URLs du Jour


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  • Proverbs 11:25 is a sweet paean to altruism:

    25 A generous person will prosper;
        whoever refreshes others will be refreshed.

    Ayn Rand might disagree, but that's OK.

  • At Cato, Terence Kealey has the musical question du jour: Why Does the Federal Government Issue Damaging Dietary Guidelines?

    It's a long, sad history of Your Federal Government bumbling and fumbling as it took over the role of Food Nanny. Key quote:

    In fact, the federal government may be institutionally incapable of providing wise dietary advice, as Thomas Jefferson warned us in his 1787 Notes on the State of Virginia: “Was the government to prescribe to us our medicine and diet, our bodies would be in such keeping as our souls are now.”

    The government is "supposed" to ensure the safety of our food. Except, as the news often informs us, they haven't managed to get that right yet. Maybe fire the nannies, in order to get a few more cops?

  • Lest you worry that the lefties are the only people looking to shut down expression they don't like on college campuses, the Foundation for Individual Rights in Education (FIRE) will reassure you that it can be a bipartisan effort: Kansas officials demand University of Kansas remove American flag artwork.

    A controversy is brewing over a flag being flown at the University of Kansas as part of a nationwide public art series. The series, called “Pledges of Allegiance,” is a project of the New York-based arts nonprofit Creative Time, displaying a rotation of flags addressing a variety of themes and topics by artists from around the world. While the series consists of 16 artworks, the ire is focused on one in particular: “Untitled (Flag 2)” by artist Josephine Meckseper. Meckseper describes the work as “a collage of an American flag and one of my dripped paintings which resembles the contours of the United States.”

    Today, Kansas Gov. Jeff Colyer and Secretary of State Kris Kobach demanded KU remove the artwork.

    Ms. Meckseper's artwork isn't my cup of tea. In fact I find it talent-free. Other flags at the site linked above are of varying quality and stridency.

    The site's Project Support page lists a number of sponsors, at least a couple seemingly supported by New York taxpayers. Were I a New York taxpayer, I might be pretty steamed at that.

    But (unlike the grandstanding Kansas pols), I'm content to leave it there.

  • At NRO, Kevin D. Williamson has Ten Thoughts on Judicial Activism. Let's look at … number six!

    1. Which brings us to the question of what judicial activism actually is. Properly understood, the question of whether there should be a legal right to abortion is separate from the question of whether there actually is a legal right to abortion in the text of the Constitution. It is fanciful to believe that there was in fact a constitutional right to abortion lurking in the document for nearly 200 years, unnoticed by the men who wrote and ratified it, and then discovered by Justice Blackmun et al. Judicial activism is what happens when judges abuse the power entrusted to them, choosing to act as politicians making policy rather than as judges upholding the law even when they wish the law were other than what it is.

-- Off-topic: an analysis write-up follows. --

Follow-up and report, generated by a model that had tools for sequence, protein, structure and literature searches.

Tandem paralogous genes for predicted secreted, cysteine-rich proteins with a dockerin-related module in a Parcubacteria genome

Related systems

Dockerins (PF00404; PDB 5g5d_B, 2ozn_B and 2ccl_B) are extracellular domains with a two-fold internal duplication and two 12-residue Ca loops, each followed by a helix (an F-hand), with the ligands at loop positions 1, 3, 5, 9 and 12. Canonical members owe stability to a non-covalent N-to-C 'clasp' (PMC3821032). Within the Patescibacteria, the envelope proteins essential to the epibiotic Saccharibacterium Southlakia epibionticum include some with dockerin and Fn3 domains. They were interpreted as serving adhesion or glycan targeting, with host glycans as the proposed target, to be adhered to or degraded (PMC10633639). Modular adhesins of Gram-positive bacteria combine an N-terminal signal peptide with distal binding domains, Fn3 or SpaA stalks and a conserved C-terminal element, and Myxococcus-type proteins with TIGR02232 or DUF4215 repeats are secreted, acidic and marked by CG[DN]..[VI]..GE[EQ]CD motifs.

It would be neat if Brett Kavanaugh were to lecture any querulous senators this way. But that's why it's gonna be Justice Kavanaugh and not Justice Williamson. senators.

  • Veronique de Rugy looks at the emperor and claims that he's got his free-trade garments on. Veronique says, nope, he's naked: On Trade, Trump Is Who He Claims to Be.

    Nothing in what the president has ever said suggests that he's anything but a diehard mercantilist. Yes, it's true that he complains loudly of the treatment of U.S. exporters abroad—treatment he no doubt wants to change. It's also true that he has endorsed dropping all tariffs around the world to zero.

    But even these seemingly free-trade stances stem from fundamentally protectionist beliefs: First, that if there were no tariffs, U.S. exports would rise dramatically and surpass imports, shrinking the dreaded trade deficit. And second, that exports are great and imports are bad. In other words, America wins with low imports and high exports.

    He is wrong on all counts. If the U.S. trade deficit were to ever disappear, America's economic health would take a turn for the worse. As long as the United States is growing and remains an attractive place to invest, we will continue to run a trade deficit with the rest of the world.

    Which brings us to…

  • Mark J. Perry identifies the latest casualty in Trump's War on Laundry.

    Hey, folks! Your tax cut was nice, wasn't it? Too bad that it got eaten up when you bought that washing machine.

Last Modified 2019-01-06 6:28 AM EDT